Nalanda Buddhist Monastery Garden


Nalanda is around 15 km from Rajgir and is usually part of the Buddhist tourism circuit. Nalanda was a Mahavihara, or a large Buddhist monastery situated in the ancient kingdom of Magadh. It was declared a UNESCO World Heritage site in 2016.

The Nalanda Mahavihara site is in the State of Bihar, in north-eastern India. It comprises the archaeological remains of a monastic and scholastic institution dating from the 3rd century BCE to the 13th century CE. It includes stupasshrinesviharas (residential and educational buildings) and important art works in stucco, stone and metal. Nalanda stands out as the most ancient university of the Indian Subcontinent along with giants like Taxila (also called Takshashila), Pushpagiri, and Vikramshila. It engaged in the organized transmission of knowledge over an uninterrupted period of 800 years.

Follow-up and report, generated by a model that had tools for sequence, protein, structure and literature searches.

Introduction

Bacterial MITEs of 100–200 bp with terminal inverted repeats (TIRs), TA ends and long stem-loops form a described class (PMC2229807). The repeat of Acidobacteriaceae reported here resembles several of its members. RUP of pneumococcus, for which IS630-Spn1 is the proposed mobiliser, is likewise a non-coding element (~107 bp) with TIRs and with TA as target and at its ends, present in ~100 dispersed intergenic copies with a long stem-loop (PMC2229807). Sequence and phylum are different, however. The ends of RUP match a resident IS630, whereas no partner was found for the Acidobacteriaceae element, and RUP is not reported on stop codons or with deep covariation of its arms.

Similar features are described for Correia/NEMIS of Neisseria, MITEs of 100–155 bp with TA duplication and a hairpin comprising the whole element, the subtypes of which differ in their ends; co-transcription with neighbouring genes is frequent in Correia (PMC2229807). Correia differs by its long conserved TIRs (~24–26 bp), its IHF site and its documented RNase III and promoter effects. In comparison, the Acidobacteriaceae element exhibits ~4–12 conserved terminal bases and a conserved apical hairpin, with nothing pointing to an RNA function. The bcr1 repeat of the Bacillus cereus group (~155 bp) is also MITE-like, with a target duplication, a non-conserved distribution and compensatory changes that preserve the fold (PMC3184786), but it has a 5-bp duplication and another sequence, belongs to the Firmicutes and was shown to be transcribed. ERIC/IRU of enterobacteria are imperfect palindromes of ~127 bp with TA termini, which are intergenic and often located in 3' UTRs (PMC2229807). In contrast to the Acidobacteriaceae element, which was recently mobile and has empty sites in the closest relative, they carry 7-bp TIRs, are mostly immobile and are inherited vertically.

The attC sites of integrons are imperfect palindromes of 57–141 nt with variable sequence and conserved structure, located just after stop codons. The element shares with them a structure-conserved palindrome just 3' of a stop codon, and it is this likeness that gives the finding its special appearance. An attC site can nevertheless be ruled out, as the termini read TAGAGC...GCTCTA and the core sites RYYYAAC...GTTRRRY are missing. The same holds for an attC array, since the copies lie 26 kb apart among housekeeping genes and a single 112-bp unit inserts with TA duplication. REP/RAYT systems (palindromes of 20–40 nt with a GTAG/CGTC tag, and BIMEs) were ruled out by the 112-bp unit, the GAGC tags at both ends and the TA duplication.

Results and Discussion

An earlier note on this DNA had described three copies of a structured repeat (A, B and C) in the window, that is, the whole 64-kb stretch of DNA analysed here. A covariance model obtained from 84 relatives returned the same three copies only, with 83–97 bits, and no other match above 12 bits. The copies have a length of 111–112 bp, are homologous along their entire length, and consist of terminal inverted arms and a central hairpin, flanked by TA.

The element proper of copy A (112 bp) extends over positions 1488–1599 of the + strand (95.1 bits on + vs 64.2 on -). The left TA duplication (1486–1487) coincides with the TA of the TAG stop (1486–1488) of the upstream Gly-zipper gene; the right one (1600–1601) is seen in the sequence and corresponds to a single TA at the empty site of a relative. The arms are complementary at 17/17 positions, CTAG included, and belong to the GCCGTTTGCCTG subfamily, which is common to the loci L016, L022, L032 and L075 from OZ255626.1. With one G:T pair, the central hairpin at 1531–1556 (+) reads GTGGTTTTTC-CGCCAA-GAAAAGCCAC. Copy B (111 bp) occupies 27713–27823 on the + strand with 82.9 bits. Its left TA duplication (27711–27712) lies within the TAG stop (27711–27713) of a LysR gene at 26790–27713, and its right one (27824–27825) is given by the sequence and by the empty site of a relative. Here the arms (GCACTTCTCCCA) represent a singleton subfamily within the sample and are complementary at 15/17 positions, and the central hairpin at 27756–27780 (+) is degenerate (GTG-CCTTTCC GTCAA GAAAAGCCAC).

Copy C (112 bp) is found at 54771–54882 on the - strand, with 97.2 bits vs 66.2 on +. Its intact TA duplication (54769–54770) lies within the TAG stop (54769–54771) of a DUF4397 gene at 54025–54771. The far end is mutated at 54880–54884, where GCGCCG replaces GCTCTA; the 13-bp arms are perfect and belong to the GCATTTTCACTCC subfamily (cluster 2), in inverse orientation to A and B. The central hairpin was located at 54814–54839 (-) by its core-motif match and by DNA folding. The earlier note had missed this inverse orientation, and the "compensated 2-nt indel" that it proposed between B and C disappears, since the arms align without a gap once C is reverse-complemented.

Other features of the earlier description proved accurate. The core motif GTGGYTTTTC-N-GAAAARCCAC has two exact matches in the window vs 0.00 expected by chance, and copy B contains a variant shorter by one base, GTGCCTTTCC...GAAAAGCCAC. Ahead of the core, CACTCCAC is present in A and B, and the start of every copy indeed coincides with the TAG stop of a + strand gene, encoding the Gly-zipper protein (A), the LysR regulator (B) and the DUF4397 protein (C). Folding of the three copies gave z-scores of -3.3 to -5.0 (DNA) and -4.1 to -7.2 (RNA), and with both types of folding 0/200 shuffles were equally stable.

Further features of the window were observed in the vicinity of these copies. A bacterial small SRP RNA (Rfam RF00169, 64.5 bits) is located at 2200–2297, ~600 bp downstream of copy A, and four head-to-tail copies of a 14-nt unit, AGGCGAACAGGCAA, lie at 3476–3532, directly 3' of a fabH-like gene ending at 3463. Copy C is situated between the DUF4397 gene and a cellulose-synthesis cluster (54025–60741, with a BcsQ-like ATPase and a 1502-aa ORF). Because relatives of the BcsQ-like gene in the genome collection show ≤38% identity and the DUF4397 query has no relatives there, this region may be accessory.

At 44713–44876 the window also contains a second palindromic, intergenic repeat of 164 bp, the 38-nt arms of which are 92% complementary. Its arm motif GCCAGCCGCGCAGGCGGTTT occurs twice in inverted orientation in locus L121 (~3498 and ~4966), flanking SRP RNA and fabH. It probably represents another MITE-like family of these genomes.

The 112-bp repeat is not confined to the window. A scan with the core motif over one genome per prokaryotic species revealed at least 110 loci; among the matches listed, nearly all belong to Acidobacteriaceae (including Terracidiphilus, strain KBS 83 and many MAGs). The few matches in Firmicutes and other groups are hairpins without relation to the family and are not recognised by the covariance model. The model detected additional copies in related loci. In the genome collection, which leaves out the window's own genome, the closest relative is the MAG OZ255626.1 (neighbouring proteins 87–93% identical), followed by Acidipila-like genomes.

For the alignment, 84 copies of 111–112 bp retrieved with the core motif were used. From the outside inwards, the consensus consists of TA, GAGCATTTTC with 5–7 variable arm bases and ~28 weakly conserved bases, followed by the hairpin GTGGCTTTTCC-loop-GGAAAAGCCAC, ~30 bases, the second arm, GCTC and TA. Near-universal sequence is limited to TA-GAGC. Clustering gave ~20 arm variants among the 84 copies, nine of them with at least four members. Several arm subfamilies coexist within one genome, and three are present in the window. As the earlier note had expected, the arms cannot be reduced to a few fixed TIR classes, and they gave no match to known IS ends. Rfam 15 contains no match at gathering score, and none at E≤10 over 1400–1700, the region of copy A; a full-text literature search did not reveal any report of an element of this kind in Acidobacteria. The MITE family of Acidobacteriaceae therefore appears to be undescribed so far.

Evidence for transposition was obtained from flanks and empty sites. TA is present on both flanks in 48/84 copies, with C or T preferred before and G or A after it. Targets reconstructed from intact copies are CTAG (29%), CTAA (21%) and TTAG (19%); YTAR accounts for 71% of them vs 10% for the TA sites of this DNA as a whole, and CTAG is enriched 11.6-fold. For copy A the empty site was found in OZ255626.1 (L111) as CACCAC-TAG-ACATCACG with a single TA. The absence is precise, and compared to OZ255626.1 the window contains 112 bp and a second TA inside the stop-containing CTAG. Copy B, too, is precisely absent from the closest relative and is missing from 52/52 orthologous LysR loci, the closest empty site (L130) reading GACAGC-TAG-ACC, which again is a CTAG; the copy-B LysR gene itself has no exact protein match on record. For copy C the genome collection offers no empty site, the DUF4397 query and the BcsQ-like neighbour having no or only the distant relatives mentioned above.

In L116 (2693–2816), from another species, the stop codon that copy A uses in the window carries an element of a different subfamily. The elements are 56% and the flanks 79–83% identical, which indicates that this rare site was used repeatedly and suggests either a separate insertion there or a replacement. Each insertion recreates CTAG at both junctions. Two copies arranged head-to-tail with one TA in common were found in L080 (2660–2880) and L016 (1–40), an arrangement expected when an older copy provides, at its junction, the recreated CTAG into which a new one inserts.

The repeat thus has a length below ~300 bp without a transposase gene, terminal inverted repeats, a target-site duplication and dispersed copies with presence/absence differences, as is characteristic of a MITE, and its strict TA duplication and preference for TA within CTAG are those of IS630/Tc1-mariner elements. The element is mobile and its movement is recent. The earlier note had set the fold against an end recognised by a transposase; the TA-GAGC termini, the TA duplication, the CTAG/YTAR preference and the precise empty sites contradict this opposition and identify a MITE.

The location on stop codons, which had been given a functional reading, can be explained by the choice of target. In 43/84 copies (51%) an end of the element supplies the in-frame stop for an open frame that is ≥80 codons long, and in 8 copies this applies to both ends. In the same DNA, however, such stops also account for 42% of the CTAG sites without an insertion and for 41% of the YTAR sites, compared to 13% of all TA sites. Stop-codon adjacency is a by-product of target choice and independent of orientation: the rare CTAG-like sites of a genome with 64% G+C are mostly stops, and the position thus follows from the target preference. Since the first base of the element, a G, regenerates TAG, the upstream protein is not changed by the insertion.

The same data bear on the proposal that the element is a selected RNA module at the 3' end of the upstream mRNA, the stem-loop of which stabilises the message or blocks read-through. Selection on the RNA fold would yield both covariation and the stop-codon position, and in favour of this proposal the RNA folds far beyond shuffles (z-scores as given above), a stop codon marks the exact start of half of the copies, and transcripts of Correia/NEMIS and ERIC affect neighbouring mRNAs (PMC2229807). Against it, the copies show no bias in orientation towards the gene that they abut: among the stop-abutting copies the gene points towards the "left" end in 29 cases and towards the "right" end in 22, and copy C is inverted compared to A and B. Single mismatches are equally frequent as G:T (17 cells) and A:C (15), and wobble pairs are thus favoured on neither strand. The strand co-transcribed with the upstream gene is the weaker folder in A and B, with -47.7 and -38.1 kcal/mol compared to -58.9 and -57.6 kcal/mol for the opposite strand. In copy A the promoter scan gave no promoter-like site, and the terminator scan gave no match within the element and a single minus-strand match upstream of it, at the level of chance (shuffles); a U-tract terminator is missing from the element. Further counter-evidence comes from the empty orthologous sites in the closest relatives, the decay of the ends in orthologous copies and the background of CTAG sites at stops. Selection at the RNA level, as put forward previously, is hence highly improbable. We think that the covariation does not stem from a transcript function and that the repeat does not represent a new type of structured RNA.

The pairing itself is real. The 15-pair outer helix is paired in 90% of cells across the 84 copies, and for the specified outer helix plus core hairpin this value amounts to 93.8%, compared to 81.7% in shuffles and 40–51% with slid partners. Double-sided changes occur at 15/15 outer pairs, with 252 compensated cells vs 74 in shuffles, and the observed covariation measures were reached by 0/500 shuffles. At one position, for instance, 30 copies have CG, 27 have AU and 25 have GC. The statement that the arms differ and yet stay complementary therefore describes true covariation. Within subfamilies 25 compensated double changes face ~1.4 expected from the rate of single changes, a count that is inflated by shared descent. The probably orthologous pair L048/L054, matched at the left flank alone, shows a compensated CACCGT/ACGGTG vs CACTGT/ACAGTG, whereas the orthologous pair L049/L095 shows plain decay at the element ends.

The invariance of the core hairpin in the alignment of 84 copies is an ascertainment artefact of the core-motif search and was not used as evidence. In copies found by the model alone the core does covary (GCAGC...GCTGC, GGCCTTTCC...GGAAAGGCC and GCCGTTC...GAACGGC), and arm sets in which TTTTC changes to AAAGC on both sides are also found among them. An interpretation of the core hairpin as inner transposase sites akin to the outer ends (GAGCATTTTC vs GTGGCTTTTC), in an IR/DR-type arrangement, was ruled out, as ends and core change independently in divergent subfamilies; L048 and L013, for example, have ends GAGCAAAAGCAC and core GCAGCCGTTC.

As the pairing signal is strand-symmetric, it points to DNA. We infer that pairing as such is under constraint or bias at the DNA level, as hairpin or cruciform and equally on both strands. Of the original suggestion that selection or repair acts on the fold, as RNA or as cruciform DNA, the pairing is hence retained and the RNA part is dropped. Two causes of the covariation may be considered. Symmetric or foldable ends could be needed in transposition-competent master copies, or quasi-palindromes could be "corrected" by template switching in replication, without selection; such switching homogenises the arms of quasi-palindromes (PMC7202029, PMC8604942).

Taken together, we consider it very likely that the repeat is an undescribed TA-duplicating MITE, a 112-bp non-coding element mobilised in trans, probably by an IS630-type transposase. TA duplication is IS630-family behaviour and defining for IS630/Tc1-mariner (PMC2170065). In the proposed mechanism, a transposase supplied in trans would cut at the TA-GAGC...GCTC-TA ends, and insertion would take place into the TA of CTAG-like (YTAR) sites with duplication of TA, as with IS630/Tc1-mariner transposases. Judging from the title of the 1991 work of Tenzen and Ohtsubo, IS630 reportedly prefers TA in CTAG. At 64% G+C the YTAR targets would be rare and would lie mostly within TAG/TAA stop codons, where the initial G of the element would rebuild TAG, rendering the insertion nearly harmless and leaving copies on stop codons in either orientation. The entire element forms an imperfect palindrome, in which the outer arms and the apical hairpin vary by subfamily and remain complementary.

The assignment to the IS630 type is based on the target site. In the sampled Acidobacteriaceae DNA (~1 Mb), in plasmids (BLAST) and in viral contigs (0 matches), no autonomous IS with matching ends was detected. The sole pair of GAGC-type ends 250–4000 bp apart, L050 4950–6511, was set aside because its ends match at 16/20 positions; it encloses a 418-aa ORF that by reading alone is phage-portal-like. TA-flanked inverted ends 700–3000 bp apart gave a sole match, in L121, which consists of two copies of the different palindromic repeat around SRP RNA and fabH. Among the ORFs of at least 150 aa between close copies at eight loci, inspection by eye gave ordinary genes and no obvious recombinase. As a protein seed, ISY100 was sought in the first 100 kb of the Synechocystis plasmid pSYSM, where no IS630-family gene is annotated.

The historical development of the site testifies to the development of Buddhism into a religion and the flourishing of monastic and educational traditions. It is said that Mahavira spent fourteen monsoons in Nalanda. Gautam Buddha is said to have delivered sermons in a mango grove called Pavarika. One of Buddha’s disciples, Sariputra, was born in Nalanda and later attained nirvana here. The story goes that Emperor Ashoka had built a great temple at Nalanda at the site of Sariputra’s chaitya (shrine) in the 3rd century BCE. After being sacked by the Khiliji Turks it fell into disuse. Today, there are brick foundations and trees but 90% of the site remains unexcavated. The Ruins are spread over an area of 14 hectares with beautifully maintained gardens. A paved pathway runs across the entire complex connecting the Viharas (monasteries) and the Chaityas (temples).


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